Secretary of State Condoleezza Rice gave no indication on Sunday that the Bush administration would accede to Democrats' demands for more information about John R. Bolton's (search) requests for classified intelligence.

Senate Democrats say they will continue to try to block President Bush's nomination of Bolton as U.N. ambassador. Although Senate Majority Leader Bill Frist, R-Tenn., plans to try on Monday to end a Democratic filibuster on the nomination, Democrats believe they still have enough votes to continue debate.

"What we need to do is we need to get an up-or-down vote on John Bolton," Rice told a Sunday morning network news show.

"Let's find out whether, in fact, the Senate, in its whole, in its entirety, intends and wants to confirm him. That's all that we're asking," said Rice, who was interviewed in Jerusalem while on a Mideast trip.

One of Bolton's leading opponents, Sen. Christopher Dodd (search), D-Conn, said the administration is "filibustering their own nominee" by refusing to supply information related to whether Bolton tried to "doctor or cook" information regarding U.S. intelligence.

Both Dodd and Sen. Joseph Biden (search), D-Del., suggested that the Democratic filibuster would end once their request was fulfilled. Biden said a vote would be immediate; Dodd said a vote would come directly "if in fact there's no serious problems."

Democrats say they want to check a list of 36 U.S. officials against names — initially blacked out — that Bolton requested and received from national security intercepts he reviewed.

Democrats rejected a list of seven names offered last week by GOP Sen. Pat Roberts of Kansas, chairman of the Senate Intelligence Committee.

Asked whether the administration would comply with the Democrats' request, Rice said Roberts "has already spoken to the issue of the nature of those inquiries."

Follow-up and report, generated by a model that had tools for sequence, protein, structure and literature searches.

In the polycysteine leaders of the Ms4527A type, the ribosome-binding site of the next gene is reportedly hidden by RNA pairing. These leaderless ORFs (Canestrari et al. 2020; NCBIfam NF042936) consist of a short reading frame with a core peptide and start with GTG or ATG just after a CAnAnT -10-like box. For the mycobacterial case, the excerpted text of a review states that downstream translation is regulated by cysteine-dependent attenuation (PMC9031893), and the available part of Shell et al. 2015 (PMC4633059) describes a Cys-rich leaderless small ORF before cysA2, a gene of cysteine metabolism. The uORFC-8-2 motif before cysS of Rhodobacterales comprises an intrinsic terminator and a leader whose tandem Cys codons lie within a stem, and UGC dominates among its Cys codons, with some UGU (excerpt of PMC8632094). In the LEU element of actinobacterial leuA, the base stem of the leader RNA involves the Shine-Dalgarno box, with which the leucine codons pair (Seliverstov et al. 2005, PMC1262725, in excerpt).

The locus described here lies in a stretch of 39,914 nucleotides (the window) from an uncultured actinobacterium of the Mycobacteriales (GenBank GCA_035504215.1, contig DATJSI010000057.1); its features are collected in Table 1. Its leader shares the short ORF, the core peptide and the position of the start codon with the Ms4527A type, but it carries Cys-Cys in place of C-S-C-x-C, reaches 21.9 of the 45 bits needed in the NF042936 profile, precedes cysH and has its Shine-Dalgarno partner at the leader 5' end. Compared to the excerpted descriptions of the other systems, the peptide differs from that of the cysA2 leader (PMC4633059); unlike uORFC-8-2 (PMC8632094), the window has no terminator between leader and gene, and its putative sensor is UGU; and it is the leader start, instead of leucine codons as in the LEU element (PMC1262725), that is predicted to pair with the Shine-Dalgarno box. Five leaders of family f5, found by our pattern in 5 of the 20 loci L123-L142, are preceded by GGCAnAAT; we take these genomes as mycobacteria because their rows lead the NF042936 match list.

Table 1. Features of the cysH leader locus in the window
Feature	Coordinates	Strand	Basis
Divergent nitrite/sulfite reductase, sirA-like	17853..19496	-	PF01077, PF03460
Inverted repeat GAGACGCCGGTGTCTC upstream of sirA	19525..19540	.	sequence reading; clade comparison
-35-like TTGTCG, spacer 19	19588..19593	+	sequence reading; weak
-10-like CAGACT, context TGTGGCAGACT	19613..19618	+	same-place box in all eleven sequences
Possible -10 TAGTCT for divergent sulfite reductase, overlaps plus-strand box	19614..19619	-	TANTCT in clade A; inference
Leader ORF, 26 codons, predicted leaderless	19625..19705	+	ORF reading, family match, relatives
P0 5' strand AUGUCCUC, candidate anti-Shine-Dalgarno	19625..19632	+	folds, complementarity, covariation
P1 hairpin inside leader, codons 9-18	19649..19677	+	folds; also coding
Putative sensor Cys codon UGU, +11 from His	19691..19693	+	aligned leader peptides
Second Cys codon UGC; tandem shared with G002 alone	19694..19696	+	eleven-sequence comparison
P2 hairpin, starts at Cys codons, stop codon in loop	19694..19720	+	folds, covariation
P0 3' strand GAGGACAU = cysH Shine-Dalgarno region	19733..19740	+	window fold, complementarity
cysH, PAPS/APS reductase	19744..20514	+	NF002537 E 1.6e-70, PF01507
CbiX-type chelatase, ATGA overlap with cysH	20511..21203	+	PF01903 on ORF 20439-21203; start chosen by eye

Bolton has been accused of intimidating or trying to have fired at least two intelligence analysts because of disagreements over their work. Opponents also have contended that Bolton's abrasive management style and past criticism of the United Nations make him a poor choice to be ambassador.

Biden said senators were standing firm in their request for the additional information as a matter of principle, adding that it might not even change their view of Bolton.

"If we give up on this, we might as well forget about oversight," Biden said on a seprate Sunday morning network newscast. "We cannot allow a president to say, 'We do not think this is necessary for your inquiry.' 'Who died and left them boss?' as my mom would say."

Asked on "FOX News Sunday" whether Bush would consider a recess appointment of Bolton — a temporary appointment that does not require Senate approval — Rice said, "We'll see what happens this week."

Dodd said such a move would send to the U.N. an ambassador "who lacks the confidence of the United States Senate." A recess appointment, Biden said, would "cripple" Bolton as he goes to the U.N. and damage his standing with the Senate.